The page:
The short answer is: it is unclear. Preliminary data shows that people do experience a fall in protective antibody levels weeks and months after getting their jabs, particularly against the highly infectious Delta variant. However, it is unclear what level of antibodies or other tools in the immune system’s armament confer protective immunity.
What is crucial to understand is the level of antibodies or other immune system soldiers, such as T-cells, required to protect from Covid-19, particularly serious illness and death. Once this is measurable, and then protection is seen dropping towards that level, only then would there be a clear case for administering booster vaccines.
World Health Organization (WHO) experts have said there is not enough scientific evidence to support the use of additional shots. But in people with certain underlying conditions that have weakened immune systems, the response to initial shots is far from optimum, so in those cases the argument for booster jabs can be made, especially against the Delta variant, some scientists have argued.
“You get Delta breakthrough cases, especially in over-60s, and [a booster dose] mitigates this. The same will apply to other vulnerable or immune-suppressed groups,” said Danny Altmann, a professor of immunology at Imperial College London. “The ideal would be to have targeted boosting rooted in data and immune monitoring.”
The current evidence on vaccine effectiveness against Delta supported the case for booster jabs for vulnerable individuals, said Dr Simon Clarke, an associate professor in cellular microbiology at the University of Reading.
The jury is still out. Generally, it is thought that the different technologies underpinning the jabs allows the immune system to be presented with the same target but in a slightly different way, likely provoking a more diverse immune response.
At the moment, people are offered two doses of the same jab in the UK, but researchers have been exploring whether offering a second dose of a different Covid vaccine – or indeed a third injection different to the initial two – could boost immunity levels. In late June, preliminary data from a study appeared to suggest a third jab could be beneficial, in particular following Oxford/AstraZeneca shots with a Pfizer/BioNTech booster.
“Based on what we’re seeing here, switching over to an RNA vaccine could have some benefits in terms of antibodies,” said Matthew Snape, the chief investigator of the trial and associate professor in paediatrics and vaccinology at Oxford.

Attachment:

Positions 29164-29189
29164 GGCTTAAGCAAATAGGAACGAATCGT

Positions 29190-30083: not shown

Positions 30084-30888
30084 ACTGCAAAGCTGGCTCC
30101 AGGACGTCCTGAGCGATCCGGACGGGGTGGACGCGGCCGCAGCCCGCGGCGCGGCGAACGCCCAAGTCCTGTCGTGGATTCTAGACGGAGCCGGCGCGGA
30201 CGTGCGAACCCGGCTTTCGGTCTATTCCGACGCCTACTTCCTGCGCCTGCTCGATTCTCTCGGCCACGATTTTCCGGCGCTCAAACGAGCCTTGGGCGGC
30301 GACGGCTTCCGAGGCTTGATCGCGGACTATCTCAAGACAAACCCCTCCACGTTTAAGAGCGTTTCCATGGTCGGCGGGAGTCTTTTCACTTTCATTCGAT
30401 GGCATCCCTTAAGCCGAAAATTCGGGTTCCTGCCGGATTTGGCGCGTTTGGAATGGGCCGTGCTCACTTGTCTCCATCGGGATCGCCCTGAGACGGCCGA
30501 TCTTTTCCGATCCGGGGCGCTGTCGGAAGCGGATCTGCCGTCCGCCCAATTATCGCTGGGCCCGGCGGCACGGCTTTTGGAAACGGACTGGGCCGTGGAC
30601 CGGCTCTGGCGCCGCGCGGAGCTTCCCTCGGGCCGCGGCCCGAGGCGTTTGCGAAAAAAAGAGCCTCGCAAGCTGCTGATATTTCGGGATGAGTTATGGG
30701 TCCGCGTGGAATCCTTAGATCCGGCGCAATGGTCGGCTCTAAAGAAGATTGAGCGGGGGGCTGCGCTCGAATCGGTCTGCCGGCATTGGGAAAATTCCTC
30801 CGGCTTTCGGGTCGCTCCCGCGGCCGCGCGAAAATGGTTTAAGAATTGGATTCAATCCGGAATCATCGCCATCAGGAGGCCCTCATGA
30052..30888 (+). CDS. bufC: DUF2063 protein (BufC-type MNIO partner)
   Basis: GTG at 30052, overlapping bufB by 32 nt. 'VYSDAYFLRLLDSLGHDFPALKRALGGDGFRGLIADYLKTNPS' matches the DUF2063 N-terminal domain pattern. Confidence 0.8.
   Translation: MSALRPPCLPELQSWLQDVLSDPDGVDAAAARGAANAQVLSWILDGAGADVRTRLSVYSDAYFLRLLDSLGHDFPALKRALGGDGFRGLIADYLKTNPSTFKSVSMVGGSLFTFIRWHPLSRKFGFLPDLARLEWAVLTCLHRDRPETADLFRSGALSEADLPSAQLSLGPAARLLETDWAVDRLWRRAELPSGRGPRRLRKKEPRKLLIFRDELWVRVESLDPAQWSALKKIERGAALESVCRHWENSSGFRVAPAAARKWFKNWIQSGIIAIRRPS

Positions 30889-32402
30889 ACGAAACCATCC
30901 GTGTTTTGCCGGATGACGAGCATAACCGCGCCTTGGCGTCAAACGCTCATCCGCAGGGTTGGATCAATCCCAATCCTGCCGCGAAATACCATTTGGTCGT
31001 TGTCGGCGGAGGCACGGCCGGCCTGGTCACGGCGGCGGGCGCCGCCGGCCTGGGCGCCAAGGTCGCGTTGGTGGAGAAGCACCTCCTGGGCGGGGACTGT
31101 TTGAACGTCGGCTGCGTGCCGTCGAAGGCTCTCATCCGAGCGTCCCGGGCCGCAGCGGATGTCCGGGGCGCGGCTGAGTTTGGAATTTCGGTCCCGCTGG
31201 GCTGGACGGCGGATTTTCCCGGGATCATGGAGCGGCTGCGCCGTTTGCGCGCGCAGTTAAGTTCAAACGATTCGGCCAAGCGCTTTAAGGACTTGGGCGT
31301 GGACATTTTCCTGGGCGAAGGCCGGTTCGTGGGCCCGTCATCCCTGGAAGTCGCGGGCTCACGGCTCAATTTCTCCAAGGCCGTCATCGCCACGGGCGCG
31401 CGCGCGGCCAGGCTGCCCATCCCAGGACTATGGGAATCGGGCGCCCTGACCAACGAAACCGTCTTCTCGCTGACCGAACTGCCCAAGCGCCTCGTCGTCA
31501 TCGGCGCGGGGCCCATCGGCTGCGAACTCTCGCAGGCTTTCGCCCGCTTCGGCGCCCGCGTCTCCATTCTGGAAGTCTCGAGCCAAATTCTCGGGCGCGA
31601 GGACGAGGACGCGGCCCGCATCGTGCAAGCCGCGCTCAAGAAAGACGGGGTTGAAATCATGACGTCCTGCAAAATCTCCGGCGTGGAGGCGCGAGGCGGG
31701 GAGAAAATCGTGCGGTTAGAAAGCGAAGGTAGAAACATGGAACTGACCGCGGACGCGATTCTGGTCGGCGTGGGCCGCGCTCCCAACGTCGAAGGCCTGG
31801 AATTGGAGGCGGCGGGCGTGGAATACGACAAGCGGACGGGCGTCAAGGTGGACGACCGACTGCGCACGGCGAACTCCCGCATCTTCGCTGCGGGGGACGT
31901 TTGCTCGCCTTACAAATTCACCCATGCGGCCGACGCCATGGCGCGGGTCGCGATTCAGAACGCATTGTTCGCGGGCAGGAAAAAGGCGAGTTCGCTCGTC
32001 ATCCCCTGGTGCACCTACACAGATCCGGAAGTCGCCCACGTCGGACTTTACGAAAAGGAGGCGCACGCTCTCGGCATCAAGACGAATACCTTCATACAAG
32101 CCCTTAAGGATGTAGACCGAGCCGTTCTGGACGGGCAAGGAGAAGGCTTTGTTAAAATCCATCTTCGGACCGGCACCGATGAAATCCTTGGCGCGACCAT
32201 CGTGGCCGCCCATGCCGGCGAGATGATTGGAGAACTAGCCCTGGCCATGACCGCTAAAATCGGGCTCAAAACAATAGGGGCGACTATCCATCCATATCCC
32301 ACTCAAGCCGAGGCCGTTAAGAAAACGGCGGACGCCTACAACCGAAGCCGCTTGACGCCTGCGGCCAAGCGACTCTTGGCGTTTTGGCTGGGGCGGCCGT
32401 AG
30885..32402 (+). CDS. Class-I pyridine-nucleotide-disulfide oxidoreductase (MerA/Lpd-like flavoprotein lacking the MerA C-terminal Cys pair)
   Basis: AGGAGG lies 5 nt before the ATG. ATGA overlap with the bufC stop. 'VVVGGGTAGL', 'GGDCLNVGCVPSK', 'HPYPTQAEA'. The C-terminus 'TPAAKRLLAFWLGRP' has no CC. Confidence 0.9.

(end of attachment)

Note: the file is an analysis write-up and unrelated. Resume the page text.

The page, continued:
But there are concerns about side-effects from mixing and matching jabs. One study presented to the Joint Committee on Vaccination and Immunisation (JCVI) indicated that if people were given a combination of vaccines for their first and second jabs, the side-effects could be worse, with potential implications for the idea of a using a different jab for a booster.
Last week, the health secretary, Sajid Javid, suggested over-50s were likely to be offered a booster at the same time as a flu jab, with the programme expected to begin in early September.
But the JCVI, which advises the government on vaccine policy, has not yet given its final advice on the booster programme. Prof Adam Finn, a JCVI member, said on Thursday the committee was expected to decide which vulnerable groups should be recommended for a third shot.
“We need to focus on individuals who are more likely, if you like, to get sick again if they’ve not got a booster,” he said, but signalled against a routine rollout of third jabs. “We do need more evidence before we can make a firm decision on a much broader booster programme.”
A plan to start offering Covid booster vaccinations in the UK from early September is extremely unlikely to happen, it is understood, given the concerns of JCVI about the clinical benefits and potential wider risks to vaccine confidence, JCVI sources have relayed to the Guardian.
The US president, Joe Biden, said on Wednesday his administration planned to make Covid-19 vaccine booster shots available to all Americans starting on 20 September, as Delta infections surge. Israel has begun giving boosters to over-60s, with the president, Isaac Herzog, already receiving his.
The European Medicines Agency said last month there was not enough evidence to recommend boosters, but some countries have gone ahead anyway. France and Germany are looking at third doses for certain groups from September.
Apart from unclear evidence that they are necessary for most fully vaccinated people, a moral argument against administering booster shots has been made. Providing them while so many people in many parts of the world are still waiting to get their first jab is immoral, WHO experts have said.
“We’re planning to hand out extra lifejackets to people who already have lifejackets, while we’re leaving other people to drown without a single lifejacket,” said Dr Michael Ryan, the director of the WHO’s health emergency programme.
Large-scale boosting in wealthy countries sends a signal around the world that boosters are needed everywhere, according to Andrew Pollard, the director of the Oxford Vaccine Group, and Seth Berkley, the chief executive of Gavi, the Vaccine Alliance, writing in a recent opinion piece published by the Guardian.
“This will suck many vaccine doses out of the system, and many more people will die because they never even had a chance to get a single dose,” they said. “Since we have the two-dose luxury of having time on our side, we should not rush into boosting millions of people while time is running out for those who have nothing. First doses first. It’s that simple.”